On Monday, April 7, CFPB General Counsel Meredith Fuchs warned that debt collection, payday lending, prepaid cards and privacy notices are priorities for the Bureau in the coming months. Appearing before the Practicing Law Institute’s 19th Annual Consumer Financial Services Institute in New York City, Ms. Fuchs noted that the CFPB has already received in excess of 22,000 comments in response to its debt collection advanced notice of proposed rulemaking (ANPR). Calling “certain debt collection practices a source of concern,” Ms. Fuchs did not promise that the CFPB would issue its proposed debt collection rule in 2014. She justified the protracted process by noting that no federal agency has issued debt collection rules governing how the FDCPA should be applied to modern technology. Fuchs did suggest that the debt collection rule could cover (1) the collection or attempt to collect time-barred debt; (2) first-party collection tactics and (3) the transfer of consumer’s information between the original creditor and the debt buyer. We are not surprised that the potential debt collection rule would go beyond the scope of the FDPCA. Indeed, we have written previously that the CFPB would invoke its UDAAP authority to cover first-party collectors in its proposed rule.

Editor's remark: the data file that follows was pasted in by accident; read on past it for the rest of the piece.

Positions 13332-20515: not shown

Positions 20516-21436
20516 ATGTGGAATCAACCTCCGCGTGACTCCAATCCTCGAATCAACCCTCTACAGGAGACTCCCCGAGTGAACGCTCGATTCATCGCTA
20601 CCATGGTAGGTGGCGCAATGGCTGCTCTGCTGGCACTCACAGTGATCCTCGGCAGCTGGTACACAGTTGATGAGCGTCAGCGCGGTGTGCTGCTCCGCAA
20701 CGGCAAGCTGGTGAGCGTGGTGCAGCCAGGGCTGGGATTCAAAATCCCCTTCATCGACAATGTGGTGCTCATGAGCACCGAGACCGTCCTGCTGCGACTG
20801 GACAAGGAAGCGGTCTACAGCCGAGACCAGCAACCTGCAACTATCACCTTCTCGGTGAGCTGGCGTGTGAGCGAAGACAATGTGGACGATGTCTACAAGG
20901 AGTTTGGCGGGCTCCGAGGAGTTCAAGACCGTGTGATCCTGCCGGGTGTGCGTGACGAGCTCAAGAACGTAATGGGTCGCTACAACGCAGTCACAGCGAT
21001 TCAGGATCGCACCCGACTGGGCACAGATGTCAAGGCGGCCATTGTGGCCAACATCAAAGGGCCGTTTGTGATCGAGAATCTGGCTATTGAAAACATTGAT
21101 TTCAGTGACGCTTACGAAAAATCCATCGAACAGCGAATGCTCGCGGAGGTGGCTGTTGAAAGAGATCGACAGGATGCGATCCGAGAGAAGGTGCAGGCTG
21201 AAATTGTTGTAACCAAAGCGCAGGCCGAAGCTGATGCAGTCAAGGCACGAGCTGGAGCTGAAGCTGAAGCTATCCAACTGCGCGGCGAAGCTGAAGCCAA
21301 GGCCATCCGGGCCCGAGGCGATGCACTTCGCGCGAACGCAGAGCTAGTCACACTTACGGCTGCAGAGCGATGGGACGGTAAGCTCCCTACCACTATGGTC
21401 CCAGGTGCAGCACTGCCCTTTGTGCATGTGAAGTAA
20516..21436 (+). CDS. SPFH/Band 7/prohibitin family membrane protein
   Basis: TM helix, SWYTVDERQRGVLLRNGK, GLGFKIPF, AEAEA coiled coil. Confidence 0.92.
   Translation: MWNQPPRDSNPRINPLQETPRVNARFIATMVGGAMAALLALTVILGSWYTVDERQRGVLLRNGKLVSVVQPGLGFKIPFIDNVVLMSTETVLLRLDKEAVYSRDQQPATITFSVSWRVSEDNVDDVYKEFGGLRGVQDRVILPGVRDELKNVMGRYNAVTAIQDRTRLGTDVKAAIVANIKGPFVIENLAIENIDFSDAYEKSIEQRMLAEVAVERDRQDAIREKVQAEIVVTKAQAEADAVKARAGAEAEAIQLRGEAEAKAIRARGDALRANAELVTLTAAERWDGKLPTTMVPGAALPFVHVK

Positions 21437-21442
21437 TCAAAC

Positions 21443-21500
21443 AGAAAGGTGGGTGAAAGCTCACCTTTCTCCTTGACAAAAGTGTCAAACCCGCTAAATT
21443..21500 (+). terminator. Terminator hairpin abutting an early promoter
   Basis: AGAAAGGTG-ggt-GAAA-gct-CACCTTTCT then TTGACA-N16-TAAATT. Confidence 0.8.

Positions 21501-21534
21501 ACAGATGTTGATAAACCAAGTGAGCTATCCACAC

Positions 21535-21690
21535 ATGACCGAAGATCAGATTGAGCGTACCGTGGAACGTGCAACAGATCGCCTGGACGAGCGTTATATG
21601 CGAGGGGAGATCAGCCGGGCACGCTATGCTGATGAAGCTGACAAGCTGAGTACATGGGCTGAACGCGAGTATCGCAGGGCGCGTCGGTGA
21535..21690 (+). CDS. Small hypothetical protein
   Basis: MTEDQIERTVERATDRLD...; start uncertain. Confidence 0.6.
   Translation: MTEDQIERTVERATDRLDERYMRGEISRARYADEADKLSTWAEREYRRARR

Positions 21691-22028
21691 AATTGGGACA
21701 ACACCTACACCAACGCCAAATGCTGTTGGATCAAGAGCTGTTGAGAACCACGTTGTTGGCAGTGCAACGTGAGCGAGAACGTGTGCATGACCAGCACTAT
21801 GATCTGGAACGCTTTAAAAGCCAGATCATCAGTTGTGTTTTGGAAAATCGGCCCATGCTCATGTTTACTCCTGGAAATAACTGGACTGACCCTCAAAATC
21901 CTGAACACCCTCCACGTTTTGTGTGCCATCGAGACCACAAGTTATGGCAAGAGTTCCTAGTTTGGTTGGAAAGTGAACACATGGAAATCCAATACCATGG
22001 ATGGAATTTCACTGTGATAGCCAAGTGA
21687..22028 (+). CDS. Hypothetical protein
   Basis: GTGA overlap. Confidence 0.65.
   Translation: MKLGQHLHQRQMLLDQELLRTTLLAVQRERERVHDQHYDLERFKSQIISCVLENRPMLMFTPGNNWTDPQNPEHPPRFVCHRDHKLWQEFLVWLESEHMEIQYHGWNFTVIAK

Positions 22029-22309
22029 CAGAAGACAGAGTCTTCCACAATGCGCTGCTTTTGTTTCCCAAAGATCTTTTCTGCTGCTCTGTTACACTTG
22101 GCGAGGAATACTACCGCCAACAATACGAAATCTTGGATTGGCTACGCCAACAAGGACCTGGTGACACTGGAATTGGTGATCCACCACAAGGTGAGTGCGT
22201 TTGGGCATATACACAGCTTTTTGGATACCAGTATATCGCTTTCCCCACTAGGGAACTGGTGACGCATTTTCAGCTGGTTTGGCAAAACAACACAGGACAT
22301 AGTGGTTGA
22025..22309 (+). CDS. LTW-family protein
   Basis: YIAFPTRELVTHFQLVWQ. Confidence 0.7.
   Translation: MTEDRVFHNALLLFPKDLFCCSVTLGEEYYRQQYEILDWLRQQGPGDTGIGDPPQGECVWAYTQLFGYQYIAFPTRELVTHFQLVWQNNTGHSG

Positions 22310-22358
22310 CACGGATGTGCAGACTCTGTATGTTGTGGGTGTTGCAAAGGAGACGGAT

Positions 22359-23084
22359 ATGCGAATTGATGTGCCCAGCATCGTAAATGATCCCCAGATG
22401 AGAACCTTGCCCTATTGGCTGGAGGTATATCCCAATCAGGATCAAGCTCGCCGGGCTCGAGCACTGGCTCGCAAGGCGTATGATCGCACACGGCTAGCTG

Turning to payday lending, Fuchs cited the recent CFPB report in explaining that the CFPB remains concerned with consumers’ sustained use of short-term, small dollar loan products, the amortization of these products and the use of these products by the elderly and others that depend on fixed government benefits. While Fuchs vacillated on the specific timing for payday lending rule-making, she did indicate that the CFPB would continue to aggressively police the ACH, lead generators and other “choke points” that payday lenders rely upon to reach consumers. Given that the CFPB does not intend to commission any further studies analyzing the benefits of payday loans, we anticipate that the proposed rule will impose rigid, arbitrary limits on numerous payday loan features.
Fuchs also indicated that prepaid cards are a high priority for the CFPB in 2014. Noting that Regulation E is not applicable to prepaid cards, Fuchs insinuated that a proposed rule could be issued in 2014 and feature model disclosures and mandatory error resolution procedures.
Lastly, Fuchs reiterated the CFPB’s intention to streamline privacy notice rules. The General Counsel indicated that the CFPB is inclined to eliminate the annual privacy notice in certain circumstances (e.g. if an institution’s internal policy has not changed in that year). We would applaud such a move as neither the institution nor the consumer benefits from excessive paperwork.